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Erdogan’s dream turns into a nightmare

Turkish Prime Minister Recep Tayyip Erdogan blames an "international plot" for the corruption scandal that so far has seen three key AKP ministers resign.

It might have been an ordinary, pleasant Christmas for most of the world, but Dec. 25, 2013, will go down in history as a sheer nightmare for Turkey’s once seemingly invincible, unchallenged and popular prime minister, Recep Tayyip Erdogan. The day saw three key cabinet ministers step down, as Erdogan's once solid political power shattered, and his government sank deeper beneath a massive graft probe the includes accusations of bribery involving four ministers and amounts roughly totaling $130 million. Later that day, Ergogan felt compelled to reshuffle the cabinet, replacing 10 ministers, which nonetheless still left him treading uncertain political waters. His days of glory and arrogance, and as the focus of admiration, have turned into a fraught, open-ended quest for political survival.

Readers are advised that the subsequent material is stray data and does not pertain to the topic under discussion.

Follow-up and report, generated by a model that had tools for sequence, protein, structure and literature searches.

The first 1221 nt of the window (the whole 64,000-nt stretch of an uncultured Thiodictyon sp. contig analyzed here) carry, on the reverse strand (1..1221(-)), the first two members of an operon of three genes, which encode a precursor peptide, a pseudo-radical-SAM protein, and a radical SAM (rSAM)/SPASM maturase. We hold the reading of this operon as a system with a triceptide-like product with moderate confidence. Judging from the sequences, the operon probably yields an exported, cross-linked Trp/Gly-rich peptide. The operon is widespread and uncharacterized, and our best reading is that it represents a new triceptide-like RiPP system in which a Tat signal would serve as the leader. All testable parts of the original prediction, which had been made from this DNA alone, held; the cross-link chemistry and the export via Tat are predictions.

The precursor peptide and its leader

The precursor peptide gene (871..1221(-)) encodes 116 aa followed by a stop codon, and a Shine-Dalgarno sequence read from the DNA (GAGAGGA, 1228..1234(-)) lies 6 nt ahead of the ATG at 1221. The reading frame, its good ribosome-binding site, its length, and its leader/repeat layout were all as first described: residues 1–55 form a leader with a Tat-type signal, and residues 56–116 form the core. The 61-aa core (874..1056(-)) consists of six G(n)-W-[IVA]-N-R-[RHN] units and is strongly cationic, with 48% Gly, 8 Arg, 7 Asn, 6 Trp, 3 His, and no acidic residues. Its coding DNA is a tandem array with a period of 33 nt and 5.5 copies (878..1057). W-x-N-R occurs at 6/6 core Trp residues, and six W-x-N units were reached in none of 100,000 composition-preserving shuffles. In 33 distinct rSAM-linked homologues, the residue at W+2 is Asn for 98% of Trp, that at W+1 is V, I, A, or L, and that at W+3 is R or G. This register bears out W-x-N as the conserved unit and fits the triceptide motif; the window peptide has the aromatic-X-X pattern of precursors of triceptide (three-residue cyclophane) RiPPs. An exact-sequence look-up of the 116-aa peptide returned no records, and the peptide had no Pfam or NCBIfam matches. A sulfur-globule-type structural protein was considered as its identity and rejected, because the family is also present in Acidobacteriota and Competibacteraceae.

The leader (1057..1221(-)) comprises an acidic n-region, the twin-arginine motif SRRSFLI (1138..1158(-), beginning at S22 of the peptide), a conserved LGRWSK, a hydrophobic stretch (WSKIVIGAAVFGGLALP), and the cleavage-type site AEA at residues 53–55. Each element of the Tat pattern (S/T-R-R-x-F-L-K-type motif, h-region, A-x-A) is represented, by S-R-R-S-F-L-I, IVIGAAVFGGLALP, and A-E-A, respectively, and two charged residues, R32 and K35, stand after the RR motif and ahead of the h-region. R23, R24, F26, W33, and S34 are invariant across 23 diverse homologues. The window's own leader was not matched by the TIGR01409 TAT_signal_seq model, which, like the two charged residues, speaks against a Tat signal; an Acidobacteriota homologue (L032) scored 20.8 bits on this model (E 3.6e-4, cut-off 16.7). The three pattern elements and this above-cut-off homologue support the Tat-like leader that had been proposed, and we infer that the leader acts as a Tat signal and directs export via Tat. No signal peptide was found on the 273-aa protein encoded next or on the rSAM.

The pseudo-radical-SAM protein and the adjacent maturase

In addition to their prime minister woes, Turkey’s anxious citizens have also had to face the bitter fact that after some two years of arduous but fruitless work, the multiparty, parliamentary Constitution Commission was disbanded due to the constant absence of the ruling Justice and Development Party (AKP). The exercise thus ends with no progress to report on a new, civilian social contract. The latter was expected, but what has shaken Turkey are the resignations of three key AKP ministers, all implicated in the corruption scandal. 

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